A pair of so-called ‘grandparent scammers’ who conned elderly Americans out of more than $2 million by posing as close family members have pleaded guilty in a Federal court.
According to the US Department of Justice (DoJ), Lyda Harris, 74, and Tracy Glinton, 35, were part of an eight-strong network that telephoned elderly US citizens pretending to be a grandchild or relative in need, convincing them to hand over up to tens of thousands of dollars at a time. They then used cryptocurrencies to launder a portion of their gains.
More than 70 elderly marks gave the scammers cash for fake emergencies such as bail costs, a car crash, or to avoid further criminal charges. The brazen group then collected the cash via mail, wire transfer, and in some cases, the con artists made an in-person pick-up.
“These defendants were part of a sophisticated criminal organization that exploited the tremendous love a grandparent has for a grandchild,” US Attorney Randy Grossman for the Southern District of California said in a DoJ release on Friday.
“The victims were financially and emotionally devastated by callous people who thought only of enriching themselves,” Grossman added.
Six of the group were arrested last year, after a country-wide investigation that included septuagenarian Harris’ extradition from Albania. The DoJ said it marks a first-of-its-kind case for The Elder Justice Task Force which launched in February 2020 to combat financial exploitation.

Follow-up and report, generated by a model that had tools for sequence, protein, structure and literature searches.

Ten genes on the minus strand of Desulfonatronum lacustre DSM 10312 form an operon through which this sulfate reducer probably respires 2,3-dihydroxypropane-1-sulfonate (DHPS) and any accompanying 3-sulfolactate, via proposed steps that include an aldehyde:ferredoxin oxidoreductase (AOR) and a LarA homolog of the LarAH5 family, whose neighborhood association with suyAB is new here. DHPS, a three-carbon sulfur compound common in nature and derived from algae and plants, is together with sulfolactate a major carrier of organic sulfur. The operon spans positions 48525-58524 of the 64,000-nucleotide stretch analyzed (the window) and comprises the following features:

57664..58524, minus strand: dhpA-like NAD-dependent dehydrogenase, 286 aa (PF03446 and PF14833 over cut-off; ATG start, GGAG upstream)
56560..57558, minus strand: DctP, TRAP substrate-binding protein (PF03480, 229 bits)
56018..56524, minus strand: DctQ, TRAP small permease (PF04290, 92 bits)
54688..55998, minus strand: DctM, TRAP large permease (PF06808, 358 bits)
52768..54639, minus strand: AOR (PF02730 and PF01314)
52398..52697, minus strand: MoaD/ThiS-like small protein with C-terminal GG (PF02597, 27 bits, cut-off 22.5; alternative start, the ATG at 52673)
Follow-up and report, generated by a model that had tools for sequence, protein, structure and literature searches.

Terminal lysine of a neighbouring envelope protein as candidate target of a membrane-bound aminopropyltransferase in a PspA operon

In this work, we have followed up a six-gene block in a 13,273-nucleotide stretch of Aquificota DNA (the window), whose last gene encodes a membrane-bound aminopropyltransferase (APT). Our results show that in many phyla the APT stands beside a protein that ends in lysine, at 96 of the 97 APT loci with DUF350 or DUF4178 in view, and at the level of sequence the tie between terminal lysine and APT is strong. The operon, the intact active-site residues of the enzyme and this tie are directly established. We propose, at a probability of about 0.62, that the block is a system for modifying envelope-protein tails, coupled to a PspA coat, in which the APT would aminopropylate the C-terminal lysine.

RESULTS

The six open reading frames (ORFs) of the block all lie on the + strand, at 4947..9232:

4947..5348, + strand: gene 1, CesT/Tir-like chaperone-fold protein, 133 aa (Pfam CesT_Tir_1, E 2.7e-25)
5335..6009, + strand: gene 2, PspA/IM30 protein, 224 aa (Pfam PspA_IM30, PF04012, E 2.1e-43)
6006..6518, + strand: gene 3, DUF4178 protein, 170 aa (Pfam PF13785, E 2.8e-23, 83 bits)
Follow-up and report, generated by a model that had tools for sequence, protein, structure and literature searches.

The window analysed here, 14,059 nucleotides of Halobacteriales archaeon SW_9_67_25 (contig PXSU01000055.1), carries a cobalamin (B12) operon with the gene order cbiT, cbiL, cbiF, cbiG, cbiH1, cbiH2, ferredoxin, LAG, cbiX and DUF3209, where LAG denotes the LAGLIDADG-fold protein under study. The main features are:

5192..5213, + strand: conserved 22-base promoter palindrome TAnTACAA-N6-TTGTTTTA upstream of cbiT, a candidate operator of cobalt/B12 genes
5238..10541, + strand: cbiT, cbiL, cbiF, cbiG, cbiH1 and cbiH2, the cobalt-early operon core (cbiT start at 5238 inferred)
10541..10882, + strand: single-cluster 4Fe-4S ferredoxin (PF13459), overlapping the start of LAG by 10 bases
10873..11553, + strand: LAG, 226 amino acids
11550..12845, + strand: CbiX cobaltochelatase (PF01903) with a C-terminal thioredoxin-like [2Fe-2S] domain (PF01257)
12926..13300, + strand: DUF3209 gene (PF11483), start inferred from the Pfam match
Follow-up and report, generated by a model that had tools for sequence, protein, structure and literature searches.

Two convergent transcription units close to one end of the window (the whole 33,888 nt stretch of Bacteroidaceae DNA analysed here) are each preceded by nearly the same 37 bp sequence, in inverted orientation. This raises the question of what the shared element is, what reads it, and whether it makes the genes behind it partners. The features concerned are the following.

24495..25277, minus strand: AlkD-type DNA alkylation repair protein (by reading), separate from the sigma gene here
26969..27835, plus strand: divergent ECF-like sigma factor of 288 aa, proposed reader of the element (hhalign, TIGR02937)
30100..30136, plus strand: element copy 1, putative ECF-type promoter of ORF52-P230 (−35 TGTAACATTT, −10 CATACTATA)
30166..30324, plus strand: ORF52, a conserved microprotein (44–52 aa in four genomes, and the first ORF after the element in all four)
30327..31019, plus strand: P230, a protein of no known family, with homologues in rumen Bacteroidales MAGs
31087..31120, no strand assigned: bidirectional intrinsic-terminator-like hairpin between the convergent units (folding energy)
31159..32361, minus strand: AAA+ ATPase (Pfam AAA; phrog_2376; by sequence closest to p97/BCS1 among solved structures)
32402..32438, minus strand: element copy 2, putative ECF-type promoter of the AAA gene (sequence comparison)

All eight members of the grandparent scamming group were indicted by a San Diego jury on Racketeer Influenced and Corrupt Organizations (RICO) charges in August.
Timothy Ingram, 29, and Jack Owuor, 24, were the first to fess up to the federal court in March. 23-year-old Anajah Gifford and Joaquin Lopez, 46, entered their guilty plea in May. They all face up to 20 years in jail.
Authorities continue the hunt for Tracy Adrine Knowles, 29, and Adonis Alexis Butler Wong, 29, the other two members of the group who remain at large.
An epidemic of grandparent scammers in the US
The Federal Bureau of Investigation (FBI) said that confidence fraud and romance scams account for the highest losses reported by those over the age of 60.
In 2021, its internet crime department (IC3) received reports from 7,658 victims who lost more than $432 million. According to its Elder Fraud report, 450 victims over 60 lost around $6.5 million to grandparent scams.
However, the US is wising up to these types of cons — take for example grandma-of-seven Jean from New York. Tired of receiving endless calls from scammers, Jean decided to fight back and orchestrated a sting operation in collaboration with the Nassau Police Department.
She invited the scammer to her Long Island home after they demanded $8,000 to bail her grandson out of jail following a fake car crash. Instead of a wad of cash, she handed him an envelope of paper towels before he was tackled to the ground by police.
And, just last month, a New Hampshire bank teller spotted a similar scam and saved an elderly individual from handing over $20,000. Two individuals were later arrested by the Hampton Police Department.